Chapter 11 - Philosophy
“Is that what one of your kind would expect of a female servant?” Dillon asked with some reserve and yet curiosity.
Catherine could see in his eyes that his opinion of vampires was not very high and her answer was not about to lend itself to changing his mind to a more favorable set.
“Servant, no, a slave girl, yes,” Catherine admitted. It hadn’t occurred to her that humans would treat their servants, or slaves, differently than vampires would.
The humans living in these vampire controlled lands took their lead from their masters. She had very little knowledge of human lands and their customs.
“Thank you, but where I come from you don’t piss where you eat,” Dillon turned from her and made himself as comfortable as he could on the hard ground.
At hearing Dillon’s words, a small involuntary smile tugged at her lips. A week ago he would not have dared speak directly to her, using such uncouth words.
She could not deny her relief at their meaning. Just like she could not deny how thankful she felt for him saving her this final indignity.
Catherine just stood there. She wasn’t offended. She was used to soldier’s talk. She’d heard things a thousand times crasser in her life. No vampire male would allow a human to say something so common in the presence of a high-ranking female.
The concept of having regard for a slave was just so novel, so human and yet not. She was told these Highlanders were strange. They were different from vampires and other humans, with lofty ideals and values, she just never noticed them before.
The Highlanders tended to keep themselves apart, something the other humans did not like. The size of the highland kingdoms and their armies, kept the rest of the humans sufficiently respectful within hearing distance, anyway.
Catherine stood guard while he slept and when he woke, she chose to sleep too, as much as she dared. She could tell he hadn’t expected her to. Humans liked to spread silly little rumors, stupid things like vampires don’t sleep or eat human food.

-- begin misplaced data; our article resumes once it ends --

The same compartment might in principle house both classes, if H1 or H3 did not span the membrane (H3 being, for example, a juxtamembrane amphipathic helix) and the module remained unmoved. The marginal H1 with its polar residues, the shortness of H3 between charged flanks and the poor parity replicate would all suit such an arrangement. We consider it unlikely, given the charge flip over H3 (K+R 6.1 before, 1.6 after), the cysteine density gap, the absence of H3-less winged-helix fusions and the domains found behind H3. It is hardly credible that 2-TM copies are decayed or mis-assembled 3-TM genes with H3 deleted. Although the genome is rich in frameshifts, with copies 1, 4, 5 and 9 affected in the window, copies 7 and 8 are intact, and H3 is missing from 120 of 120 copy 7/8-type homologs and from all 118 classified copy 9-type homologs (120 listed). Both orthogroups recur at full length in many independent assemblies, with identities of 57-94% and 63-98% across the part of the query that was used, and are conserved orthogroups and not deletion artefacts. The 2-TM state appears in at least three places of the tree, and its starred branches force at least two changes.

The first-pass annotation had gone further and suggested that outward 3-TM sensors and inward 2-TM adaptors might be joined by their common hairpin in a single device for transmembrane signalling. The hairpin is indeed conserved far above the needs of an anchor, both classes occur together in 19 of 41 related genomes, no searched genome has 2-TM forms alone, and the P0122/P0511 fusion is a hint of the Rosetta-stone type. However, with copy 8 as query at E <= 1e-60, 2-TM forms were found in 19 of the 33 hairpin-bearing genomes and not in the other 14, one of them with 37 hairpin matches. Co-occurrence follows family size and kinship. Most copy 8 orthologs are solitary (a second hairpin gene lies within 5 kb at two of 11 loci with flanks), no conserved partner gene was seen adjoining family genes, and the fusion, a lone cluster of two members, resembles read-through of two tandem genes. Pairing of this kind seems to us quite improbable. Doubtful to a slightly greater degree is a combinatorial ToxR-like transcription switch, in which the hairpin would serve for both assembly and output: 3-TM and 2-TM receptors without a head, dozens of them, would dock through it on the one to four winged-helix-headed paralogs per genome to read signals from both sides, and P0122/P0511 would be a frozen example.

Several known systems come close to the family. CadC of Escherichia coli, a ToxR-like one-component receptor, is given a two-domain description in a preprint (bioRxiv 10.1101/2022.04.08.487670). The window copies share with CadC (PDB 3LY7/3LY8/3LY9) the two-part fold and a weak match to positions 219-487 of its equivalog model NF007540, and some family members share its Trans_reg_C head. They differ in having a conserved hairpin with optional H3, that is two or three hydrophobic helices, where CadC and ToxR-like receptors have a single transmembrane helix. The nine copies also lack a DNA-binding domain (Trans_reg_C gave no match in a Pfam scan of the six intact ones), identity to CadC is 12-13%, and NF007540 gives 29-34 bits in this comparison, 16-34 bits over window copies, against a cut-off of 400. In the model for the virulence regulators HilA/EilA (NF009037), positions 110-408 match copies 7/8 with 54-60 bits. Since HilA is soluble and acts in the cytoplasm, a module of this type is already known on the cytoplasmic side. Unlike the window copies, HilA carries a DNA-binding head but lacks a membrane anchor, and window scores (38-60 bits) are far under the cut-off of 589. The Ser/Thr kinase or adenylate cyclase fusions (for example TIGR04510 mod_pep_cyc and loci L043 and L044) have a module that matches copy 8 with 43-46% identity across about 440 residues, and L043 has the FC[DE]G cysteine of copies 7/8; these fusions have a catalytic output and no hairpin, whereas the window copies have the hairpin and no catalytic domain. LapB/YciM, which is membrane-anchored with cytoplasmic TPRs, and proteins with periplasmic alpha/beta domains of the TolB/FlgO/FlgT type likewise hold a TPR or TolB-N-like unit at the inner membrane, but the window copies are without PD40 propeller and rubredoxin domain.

They slept, not much, but they did. They ate, but human food was an indulgence, it could not sustain their bodies or ease their hunger.
Catherine could explain to him that she was young, strong, but her body had suffered too much. She needed to rest, more than she dared to admit even to herself, but they did not have the luxury of time.
She’d been through hell and back. Something else she didn’t care to admit to, because she could not afford to lose her perspective on their current dilemma.
Catherine could not allow herself to think of the last few days. She dared not allow herself to fall into the spiral of emotions that would be unleashed. No, it would be a while before she had enough mental distance from this day to not risk going feral.
It was still too dark to travel safely when they moved on. The darkness beyond their sight felt like a living presence. An unseen monster or an ever present enemy. They were risking the horses, but horses could be replaced, people not.
Every small sound alerted them, startled them and needed to be taken into account, sorted out. Every second stretched into an eternity as they traveled faster than good sense, and caution would allow.
Dillon’s hand never strayed far from his sword. His face became grim and serious. His eyes became hooded and his body tense.
Their unease transmitted to the horses and the animals were restless and overly skittish. These were animals meant for travel, not trained war horses and it became tedious to keep curbing their natural instincts.
If she was alone, Catherine would have chosen to leave the horses and continue on foot. She would have covered a large amount of distance in the same measure of time, but she was not alone.
Her human master was not capable of moving as Catherine did, nor did he possess of her stamina. It did not stop her from being irritated at their, as she saw it, slow progress and it did nothing to ease her growing fear. Hellenic would not encumber himself with horses or humans.
It took them two days of hard travel, hard on the horses and hard on him, to start wondering if they were being pursued, being toyed with or actually got away.
They didn’t doubt that Hellenic would come for her. They didn’t doubt that some game was being played. Inside them was a tiny spark of hope that by some quirk of fate, they managed to evade their followers.
Catherine did not trust the peace. Hellenic would not give up so easily. The woods should have been crawling with vampires. She saw him hunt for some criminal, escaped slave or crooked trader, a hundred times or more.
Catherine knew how Hellenic operated. She knew how his mind worked in these situations. With each passing moment, her panic grew, and her fear escalated.
Dillon never stopped looking over his shoulder. He also never stopped taking precautions, and like him, the hair on her nape kept standing on end. They were waiting for an attack which never happened.
At times, Catherine felt as if it would be easier if Hellenic just appeared and all of this could be settled once and for all. Neither of them could take much more of this.